It may sound a bit geeky to celebrate new data from the International Energy Agency (IEA), but a recent announcement that global carbon emissions had flat-lined for the second year in a row is a major milestone for anyone who wants to see both rising prosperity and a thriving planet.
It is a significant announcement because it is the first time emissions have stalled, while the global economy has continued to grow. Over the last 40 years emissions have only stalled or fallen during economic downturns (see figure 1 below). Because, in times of economic growth, when people have more money, they tend to drive or fly more, while businesses build new facilities and factories – all of which takes energy. Increased energy use has historically meant increased emissions.
But things have changed. There has been a decoupling of economic growth and fossil fuel use.
Renewables are blowing traditional energy generation away.
In particular, the face of energy generation is changing, as governments from Austria to Australia seek to develop renewable energy sources and bring climate change under control. For example, China – the world’s largest emitter of greenhouse gases, has sought to reduce its reliance on coal for energy generation, and has unveiled plans to quadruple its installed solar capacity within the next five years. While the U.S., the world’s second largest emitter of CO2, added 7.3 gigawatts of solar capacity – the equivalent of nearly 4 hoover dams and enough to power over 2 million homes. Making 2015 the first time that solar PV additions exceeded natural gas additions in the US.
Indeed 2015 saw more capital invested in renewable energy than in oil, coal and gas projects combined.
The growth of renewables is not limited to the world’s largest emitters – IEA data shows that 90 per cent of all new energy generation capacity added in 2015 came from renewable sources. Nor is it all solar. Wind power alone accounted for more than 50 per cent of new energy generation globally.
I spoke with Seb Beloe, Head of Research at WHEB Asset Management on this and he agreed, commenting that: “The IEA data reflects a trend we are well aware of – the move to less carbon intensive sources of energy. And we agree with their analysis that economic growth and fossil fuel use are ‘decoupling’”.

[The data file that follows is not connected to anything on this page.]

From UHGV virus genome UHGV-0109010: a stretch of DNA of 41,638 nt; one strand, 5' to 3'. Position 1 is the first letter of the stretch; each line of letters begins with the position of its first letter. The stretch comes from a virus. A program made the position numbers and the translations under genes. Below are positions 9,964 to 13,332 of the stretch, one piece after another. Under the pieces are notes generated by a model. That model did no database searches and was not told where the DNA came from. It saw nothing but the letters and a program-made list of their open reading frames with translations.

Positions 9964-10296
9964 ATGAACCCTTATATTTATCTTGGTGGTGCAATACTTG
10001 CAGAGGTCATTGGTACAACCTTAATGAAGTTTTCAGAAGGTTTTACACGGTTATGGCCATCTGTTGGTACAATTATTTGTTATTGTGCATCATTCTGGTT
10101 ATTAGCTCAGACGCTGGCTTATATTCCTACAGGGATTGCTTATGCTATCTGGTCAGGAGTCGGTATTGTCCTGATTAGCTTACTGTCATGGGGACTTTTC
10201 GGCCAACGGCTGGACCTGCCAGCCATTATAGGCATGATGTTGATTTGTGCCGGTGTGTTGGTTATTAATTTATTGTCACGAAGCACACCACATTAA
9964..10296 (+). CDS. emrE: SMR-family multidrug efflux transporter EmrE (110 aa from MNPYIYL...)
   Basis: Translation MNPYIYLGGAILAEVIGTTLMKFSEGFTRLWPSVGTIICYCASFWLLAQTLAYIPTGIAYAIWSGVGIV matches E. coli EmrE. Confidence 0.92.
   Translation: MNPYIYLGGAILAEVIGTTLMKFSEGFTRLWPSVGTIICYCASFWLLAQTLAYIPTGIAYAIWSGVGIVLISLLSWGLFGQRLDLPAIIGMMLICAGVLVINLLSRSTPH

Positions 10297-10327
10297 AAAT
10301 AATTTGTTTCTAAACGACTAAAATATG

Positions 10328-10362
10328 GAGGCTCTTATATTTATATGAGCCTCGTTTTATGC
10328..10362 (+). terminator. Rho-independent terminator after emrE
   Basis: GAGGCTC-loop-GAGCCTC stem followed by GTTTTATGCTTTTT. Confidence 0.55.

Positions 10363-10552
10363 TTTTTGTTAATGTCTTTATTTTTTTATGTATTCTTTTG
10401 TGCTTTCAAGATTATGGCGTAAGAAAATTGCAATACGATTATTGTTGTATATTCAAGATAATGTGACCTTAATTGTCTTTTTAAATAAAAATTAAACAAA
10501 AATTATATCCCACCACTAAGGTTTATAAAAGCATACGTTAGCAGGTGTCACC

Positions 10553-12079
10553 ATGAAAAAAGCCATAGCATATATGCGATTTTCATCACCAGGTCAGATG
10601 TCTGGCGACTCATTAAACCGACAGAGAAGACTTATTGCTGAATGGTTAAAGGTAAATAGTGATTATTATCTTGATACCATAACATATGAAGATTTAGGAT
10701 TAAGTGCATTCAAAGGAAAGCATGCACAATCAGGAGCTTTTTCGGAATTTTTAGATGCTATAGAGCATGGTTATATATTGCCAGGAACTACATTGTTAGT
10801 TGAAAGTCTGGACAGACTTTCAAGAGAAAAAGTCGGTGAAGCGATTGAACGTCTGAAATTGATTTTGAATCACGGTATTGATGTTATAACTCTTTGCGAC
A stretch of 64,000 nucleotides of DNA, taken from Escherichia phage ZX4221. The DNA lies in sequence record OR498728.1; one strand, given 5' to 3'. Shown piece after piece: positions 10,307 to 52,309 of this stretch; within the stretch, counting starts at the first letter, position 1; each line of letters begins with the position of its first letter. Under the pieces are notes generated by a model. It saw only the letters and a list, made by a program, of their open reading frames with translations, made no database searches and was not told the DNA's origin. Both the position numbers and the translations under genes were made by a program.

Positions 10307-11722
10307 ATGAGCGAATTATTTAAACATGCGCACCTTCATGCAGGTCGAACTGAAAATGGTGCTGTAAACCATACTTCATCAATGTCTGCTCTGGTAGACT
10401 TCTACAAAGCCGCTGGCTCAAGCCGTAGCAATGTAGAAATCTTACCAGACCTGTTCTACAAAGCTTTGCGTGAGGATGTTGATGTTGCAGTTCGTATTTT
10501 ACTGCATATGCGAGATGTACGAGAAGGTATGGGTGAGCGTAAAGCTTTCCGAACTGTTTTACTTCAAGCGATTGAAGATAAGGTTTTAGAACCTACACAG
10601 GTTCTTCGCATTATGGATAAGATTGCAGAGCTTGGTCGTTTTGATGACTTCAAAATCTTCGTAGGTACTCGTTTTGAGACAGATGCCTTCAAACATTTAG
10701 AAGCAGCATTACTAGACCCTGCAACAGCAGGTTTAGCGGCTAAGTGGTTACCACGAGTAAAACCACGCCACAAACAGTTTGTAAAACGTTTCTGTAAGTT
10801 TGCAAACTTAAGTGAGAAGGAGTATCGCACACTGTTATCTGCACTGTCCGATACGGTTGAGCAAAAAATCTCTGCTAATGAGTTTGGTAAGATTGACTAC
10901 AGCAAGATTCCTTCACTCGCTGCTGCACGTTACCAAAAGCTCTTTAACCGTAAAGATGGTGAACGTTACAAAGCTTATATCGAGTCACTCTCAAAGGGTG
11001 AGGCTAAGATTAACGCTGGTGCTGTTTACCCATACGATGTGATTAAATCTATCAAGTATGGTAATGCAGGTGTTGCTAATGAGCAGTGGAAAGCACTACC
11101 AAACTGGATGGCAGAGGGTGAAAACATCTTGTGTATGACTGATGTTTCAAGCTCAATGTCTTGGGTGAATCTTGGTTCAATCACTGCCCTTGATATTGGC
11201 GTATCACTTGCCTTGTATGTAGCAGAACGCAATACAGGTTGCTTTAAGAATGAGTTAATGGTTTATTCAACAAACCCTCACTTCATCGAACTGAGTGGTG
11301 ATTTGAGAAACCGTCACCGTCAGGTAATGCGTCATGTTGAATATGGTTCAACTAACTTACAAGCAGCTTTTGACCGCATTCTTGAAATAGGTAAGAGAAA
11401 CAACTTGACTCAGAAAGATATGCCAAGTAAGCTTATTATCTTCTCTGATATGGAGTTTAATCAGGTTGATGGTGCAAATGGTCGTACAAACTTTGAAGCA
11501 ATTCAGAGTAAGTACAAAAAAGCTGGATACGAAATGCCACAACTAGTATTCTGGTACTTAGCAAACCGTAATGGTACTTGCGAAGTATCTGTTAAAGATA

Claudia Quiroz, Fund Manager of Quilter Cheviot’s Climate Assets Fund said: “we believe that this welcome “decoupling” between economic growth and emissions is not only the result of an increasing share of renewables in the energy mix, but also energy efficiency gains achieved across many industrial sectors. We continue to hear, from the management teams we meet, about better resource management and productivity efforts to improve the bottom line. This supports our investment thesis that energy efficiency technologies and products are the faster way to reduce carbon emissions and build a cleaner economy.”
What does this all mean for our pensions and savings?
A decoupling of carbon emissions from economic growth indicates that the transition to a low carbon economy is already underway, and that it is catalysing opportunities to make good risk adjusted returns while also backing those companies in areas like renewable energy or resource efficiency.
Leading sustainability funds such as the FP WHEB Sustainability Fund or the Quilter Cheviot’s Climate Asset Fund provide investors with exposure to such low carbon sectors. For example, WHEB’s investments in the clean energy space include Canadian Solar and China Longyuan Power. Canadian Solar designs and manufactures solar PV products for customers across several markets including Canada, China, Japan and the US, and the company boasts strong growth with net revenues increasing 17.23 per cent in 2015. China Longyuan Power develops and operates the world’s largest portfolio of wind farms and also shows strong growth with net revenue increasing nearly 8 per cent in 2015. Over three years to February 2016, WHEB’s fund has delivered total growth of 29.35 per cent which compares well with other funds in this sector.
The ambitious targets set in last year’s Paris agreement will only accelerate the transition to a low carbon economy, further divorcing the relationship between economic growth and emissions. That’s a divorce that is actually good news for everyone.